"Adam O'Neill" at The Lowest Deep -- now enthusiastically included on the econ blog roll to the left -- is not so enthralled with the Cogan-Hubbard-Kessler proposal noted in my previous post.  He has some qualms about how the numbers work out -- essentially a disagreement about how strong the cost-saving incentives are from an individual taxpayer/consumer's perspective.  But, in addition, he has a major problem with the regressivity implied by the payroll tax implications of shifting from employer-financed expenditures to employee-financed expenditures.  From his post:

...hidden in their plan is a 15 percent tax hike on health benefits for low income workers. Their plan makes insurance tax deductible (deductible from income taxes) rather than an exclusion from income (which makes it deductible from income taxes AND payroll taxes). 1) This would significantly reduce insurance offering at firms (firms would no longer have any direct reason to offer insurance) and 2) This makes the tax system more regressive because only individuals earning under $87,000 pay the social security payroll tax. They themselves peg this implicit low-income tax increase at a minimum of $8 billion a year ($8 billion from switching eliminating the payroll tax exclusion plus some fraction of the $11 billion of increased revenue from increases in take-home pay).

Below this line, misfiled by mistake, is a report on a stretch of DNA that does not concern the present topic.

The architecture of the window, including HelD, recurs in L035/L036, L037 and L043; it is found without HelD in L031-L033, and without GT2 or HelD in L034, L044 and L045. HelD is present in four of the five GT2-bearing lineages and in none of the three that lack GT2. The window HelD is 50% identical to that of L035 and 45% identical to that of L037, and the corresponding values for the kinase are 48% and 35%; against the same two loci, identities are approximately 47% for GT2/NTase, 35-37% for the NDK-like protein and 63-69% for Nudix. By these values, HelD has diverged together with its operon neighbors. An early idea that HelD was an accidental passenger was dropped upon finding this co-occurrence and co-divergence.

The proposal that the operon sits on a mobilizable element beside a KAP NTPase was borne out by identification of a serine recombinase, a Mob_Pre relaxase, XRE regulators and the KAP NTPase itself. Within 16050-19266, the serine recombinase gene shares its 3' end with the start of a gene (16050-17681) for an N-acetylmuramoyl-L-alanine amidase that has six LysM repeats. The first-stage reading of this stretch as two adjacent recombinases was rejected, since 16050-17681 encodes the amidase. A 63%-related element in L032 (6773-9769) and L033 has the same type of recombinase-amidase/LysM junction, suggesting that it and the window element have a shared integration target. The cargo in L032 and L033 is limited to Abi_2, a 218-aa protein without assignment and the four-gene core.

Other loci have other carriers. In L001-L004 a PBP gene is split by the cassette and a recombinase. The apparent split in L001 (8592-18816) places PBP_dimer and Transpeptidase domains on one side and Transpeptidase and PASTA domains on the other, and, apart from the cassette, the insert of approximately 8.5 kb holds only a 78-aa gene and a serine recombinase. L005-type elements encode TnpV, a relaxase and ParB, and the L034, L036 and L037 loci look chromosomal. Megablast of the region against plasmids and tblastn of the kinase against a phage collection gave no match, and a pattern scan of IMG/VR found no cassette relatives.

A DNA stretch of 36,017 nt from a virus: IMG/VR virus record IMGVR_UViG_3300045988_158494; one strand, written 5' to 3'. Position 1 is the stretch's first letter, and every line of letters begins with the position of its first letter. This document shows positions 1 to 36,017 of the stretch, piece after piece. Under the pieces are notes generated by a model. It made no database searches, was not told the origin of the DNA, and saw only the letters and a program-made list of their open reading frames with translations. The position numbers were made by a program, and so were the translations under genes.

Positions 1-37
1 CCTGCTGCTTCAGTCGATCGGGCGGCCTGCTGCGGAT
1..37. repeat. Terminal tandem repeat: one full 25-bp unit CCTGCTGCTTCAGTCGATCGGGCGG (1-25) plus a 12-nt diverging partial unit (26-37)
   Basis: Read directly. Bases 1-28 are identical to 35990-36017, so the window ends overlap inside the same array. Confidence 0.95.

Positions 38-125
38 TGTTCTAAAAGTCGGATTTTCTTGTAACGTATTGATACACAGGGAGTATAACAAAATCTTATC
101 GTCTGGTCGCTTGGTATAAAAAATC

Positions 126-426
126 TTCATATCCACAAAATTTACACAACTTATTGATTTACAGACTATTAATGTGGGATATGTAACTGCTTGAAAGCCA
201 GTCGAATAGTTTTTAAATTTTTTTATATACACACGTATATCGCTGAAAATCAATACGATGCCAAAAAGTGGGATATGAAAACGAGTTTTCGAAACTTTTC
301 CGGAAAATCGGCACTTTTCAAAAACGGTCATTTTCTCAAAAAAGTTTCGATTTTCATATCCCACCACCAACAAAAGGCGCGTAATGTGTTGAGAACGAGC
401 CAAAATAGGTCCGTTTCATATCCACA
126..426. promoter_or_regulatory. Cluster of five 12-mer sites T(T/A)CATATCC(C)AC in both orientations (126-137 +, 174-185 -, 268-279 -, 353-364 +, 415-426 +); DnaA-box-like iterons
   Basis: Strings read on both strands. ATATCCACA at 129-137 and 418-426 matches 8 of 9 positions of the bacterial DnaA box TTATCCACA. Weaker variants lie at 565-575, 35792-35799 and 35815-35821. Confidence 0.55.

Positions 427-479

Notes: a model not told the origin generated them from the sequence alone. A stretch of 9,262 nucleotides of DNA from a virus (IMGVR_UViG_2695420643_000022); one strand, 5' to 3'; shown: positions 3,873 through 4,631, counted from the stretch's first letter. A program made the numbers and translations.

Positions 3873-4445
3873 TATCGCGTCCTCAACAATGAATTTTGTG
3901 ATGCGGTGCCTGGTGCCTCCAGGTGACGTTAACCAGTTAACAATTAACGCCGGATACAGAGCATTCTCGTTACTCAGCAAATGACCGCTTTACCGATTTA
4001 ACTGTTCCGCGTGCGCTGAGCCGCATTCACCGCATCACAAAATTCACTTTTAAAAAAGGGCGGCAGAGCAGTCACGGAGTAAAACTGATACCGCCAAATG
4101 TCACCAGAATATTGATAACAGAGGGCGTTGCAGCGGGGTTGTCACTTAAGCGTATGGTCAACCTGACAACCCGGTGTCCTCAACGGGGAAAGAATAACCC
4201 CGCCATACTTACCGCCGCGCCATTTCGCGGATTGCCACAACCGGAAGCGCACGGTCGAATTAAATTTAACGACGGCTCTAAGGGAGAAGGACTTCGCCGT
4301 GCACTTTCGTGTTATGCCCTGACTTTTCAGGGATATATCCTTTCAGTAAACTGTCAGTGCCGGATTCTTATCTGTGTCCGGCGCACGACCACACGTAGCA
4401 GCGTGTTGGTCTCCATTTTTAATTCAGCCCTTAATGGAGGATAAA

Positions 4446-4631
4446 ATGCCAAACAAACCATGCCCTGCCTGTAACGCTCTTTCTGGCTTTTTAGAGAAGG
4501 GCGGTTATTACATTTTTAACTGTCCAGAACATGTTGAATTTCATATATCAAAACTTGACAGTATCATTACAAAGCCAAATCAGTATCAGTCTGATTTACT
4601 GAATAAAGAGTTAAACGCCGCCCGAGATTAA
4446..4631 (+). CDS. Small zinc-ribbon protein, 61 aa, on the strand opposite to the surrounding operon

And he objects to Cogan ET Al's claim that "percentage tax reductions from detectability for low-income households are three to five times the size of reductions for high-income households."  Says O'Neill:

The key is the phrase "percentage tax reductions." Of course a $1 tax break to someone making $10,000 a year is greater in percentage terms than a $10 tax break to someone making $200,000. One would like to think that health care spending would be measured in more absolute and egalitarian terms.

I have to give that one the Subjective Judgment Alert. Whether policy ought to be more "egalitarian" is not the sort of thing that economists can speak to with any degree of authority -- our training gives us absolutely no special status for making value judgments.  Our training is, however, pretty useful for pointing out the trade-offs implied by any particular policy choice.  On those grounds, i recommend this post as a useful addition to the conversation.

UPDATE: Yet more from Andrew, who lays out his case for eliminating the excludability of health insurance purchases from income and using the higher tax revenues to provide refundable tax credits to lower income households who purchase insurance.